Gotlieb R, Hyde E, Immordino-Yang MH, et al. Cultivating the social-emotional imagination in gifted education: insights from educational neuroscience. Ann N Y Acad Sci. 2016;1377(1):22-31.
Gotlieb, R., Hyde, E., Immordino-Yang, M. H., & Kaufman, S. B. (2016). Cultivating the social-emotional imagination in gifted education: insights from educational neuroscience. Annals of the New York Academy of Sciences, 1377(1), 22-31. https://doi.org/10.1111/nyas.13165
Gotlieb R, et al. Cultivating the Social-emotional Imagination in Gifted Education: Insights From Educational Neuroscience. Ann N Y Acad Sci. 2016;1377(1):22-31. PubMed PMID: 27504916.
* Article titles in AMA citation format should be in sentence-case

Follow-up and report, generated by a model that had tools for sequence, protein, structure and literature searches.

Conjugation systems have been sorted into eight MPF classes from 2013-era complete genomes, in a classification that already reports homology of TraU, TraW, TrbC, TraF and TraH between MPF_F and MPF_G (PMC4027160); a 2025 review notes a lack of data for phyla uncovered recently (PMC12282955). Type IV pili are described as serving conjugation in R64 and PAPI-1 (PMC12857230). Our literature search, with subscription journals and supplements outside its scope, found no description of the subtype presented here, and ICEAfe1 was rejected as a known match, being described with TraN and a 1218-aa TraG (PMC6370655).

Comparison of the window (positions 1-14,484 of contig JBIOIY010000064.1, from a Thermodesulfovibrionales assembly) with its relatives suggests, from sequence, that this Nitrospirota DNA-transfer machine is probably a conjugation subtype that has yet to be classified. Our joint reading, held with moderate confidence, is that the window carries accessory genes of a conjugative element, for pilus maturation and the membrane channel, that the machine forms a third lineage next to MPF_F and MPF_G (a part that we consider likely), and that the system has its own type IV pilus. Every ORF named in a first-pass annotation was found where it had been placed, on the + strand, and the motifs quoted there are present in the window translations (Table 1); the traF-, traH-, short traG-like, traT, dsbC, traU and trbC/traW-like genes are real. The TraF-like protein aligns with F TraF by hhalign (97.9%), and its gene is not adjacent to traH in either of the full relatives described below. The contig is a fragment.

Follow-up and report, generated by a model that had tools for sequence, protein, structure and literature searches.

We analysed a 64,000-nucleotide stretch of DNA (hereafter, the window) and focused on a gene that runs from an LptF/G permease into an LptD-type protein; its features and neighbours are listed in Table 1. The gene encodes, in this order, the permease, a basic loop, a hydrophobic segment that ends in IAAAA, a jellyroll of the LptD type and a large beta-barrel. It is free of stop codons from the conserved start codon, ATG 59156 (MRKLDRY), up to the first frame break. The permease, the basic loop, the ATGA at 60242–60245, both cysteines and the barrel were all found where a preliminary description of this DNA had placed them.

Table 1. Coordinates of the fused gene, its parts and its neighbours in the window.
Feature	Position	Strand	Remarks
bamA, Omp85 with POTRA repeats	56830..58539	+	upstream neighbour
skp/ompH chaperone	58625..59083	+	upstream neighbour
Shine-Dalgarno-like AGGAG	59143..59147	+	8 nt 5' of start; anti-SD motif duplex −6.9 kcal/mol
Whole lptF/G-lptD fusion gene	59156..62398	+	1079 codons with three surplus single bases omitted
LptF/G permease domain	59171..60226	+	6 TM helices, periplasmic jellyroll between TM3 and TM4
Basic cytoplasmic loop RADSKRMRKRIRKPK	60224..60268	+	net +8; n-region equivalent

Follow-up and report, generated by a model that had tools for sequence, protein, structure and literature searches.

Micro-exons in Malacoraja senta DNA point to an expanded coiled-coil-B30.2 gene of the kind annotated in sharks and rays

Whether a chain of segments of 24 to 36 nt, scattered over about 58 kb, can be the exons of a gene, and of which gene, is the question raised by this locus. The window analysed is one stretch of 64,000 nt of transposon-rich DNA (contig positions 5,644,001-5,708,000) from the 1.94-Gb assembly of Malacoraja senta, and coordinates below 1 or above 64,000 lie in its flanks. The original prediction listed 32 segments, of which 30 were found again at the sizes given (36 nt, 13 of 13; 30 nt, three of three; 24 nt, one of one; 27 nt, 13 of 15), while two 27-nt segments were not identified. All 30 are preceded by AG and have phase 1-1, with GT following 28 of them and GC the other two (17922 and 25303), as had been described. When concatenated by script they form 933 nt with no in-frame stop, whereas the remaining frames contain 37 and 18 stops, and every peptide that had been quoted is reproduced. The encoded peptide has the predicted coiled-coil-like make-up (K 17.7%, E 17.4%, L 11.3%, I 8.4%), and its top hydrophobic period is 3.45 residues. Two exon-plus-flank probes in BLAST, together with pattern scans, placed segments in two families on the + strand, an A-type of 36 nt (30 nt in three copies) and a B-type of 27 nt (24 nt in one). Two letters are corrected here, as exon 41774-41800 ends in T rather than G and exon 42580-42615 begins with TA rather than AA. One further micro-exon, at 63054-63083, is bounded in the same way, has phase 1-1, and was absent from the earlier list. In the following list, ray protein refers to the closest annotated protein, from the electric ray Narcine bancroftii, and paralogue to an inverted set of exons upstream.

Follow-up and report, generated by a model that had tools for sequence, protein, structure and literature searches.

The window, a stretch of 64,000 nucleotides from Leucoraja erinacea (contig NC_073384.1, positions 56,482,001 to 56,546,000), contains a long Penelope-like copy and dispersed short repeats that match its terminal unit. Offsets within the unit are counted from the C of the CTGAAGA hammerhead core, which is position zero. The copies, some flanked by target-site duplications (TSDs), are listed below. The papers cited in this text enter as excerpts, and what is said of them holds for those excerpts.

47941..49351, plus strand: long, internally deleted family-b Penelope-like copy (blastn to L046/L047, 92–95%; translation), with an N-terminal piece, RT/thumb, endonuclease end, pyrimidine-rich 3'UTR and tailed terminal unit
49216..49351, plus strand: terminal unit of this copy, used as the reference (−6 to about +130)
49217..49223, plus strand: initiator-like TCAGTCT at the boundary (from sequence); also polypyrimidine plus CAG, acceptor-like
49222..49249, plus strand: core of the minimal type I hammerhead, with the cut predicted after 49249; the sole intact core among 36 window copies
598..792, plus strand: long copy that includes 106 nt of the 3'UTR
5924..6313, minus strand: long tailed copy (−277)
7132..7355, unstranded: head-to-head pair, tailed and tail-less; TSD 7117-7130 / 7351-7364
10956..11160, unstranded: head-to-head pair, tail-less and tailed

TY - JOUR T1 - Cultivating the social-emotional imagination in gifted education: insights from educational neuroscience. AU - Gotlieb,Rebecca, AU - Hyde,Elizabeth, AU - Immordino-Yang,Mary Helen, AU - Kaufman,Scott Barry, Y1 - 2016/08/09/ PY - 2016/02/04/received PY - 2016/06/01/revised PY - 2016/06/03/accepted PY - 2016/8/10/entrez PY - 2016/8/10/pubmed PY - 2017/7/20/medline KW - STEM education KW - default mode network KW - giftedness KW - social-emotional imagination SP - 22 EP - 31 JF - Annals of the New York Academy of Sciences JO - Ann N Y Acad Sci VL - 1377 IS - 1 N2 - Evidence from education, psychology, and neuroscience suggests that investing in the development of the social-emotional imagination is essential to cultivating giftedness in adolescents. Nurturing these capacities may be especially effective for promoting giftedness in students who are likely to lose interest and ambition over time. Giftedness is frequently equated with high general intelligence as measured by IQ tests, but this narrow conceptualization does not adequately capture students' abilities to utilize their talents strategically to fully realize their future possible selves. The brain's default mode network is thought to play an important role in supporting imaginative thinking about the self and others across time. Because this network's functioning is temporarily attenuated when individuals engage in task- and action-oriented focus (mindsets thought to engage the brain's executive attention network), we suggest that consistently focusing students on tasks requiring immediate action could undermine long-term cultivation of giftedness. We argue that giftedness-especially in science, technology, engineering, and mathematics (STEM)-can be cultivated by encouraging adolescents' intellectual curiosity and supporting their ability to connect schoolwork to a larger purpose. Improving STEM and gifted education may depend upon a shift from knowledge transmission and regimented evaluation to creative exploration, intentional reflectiveness, and mindful switching between task focus and imagining. SN - 1749-6632 UR - https://www.unboundmedicine.com/medline/citation/27504916/Cultivating_the_social_emotional_imagination_in_gifted_education:_insights_from_educational_neuroscience_ L2 - https://doi.org/10.1111/nyas.13165 DB - PRIME DP - Unbound Medicine ER -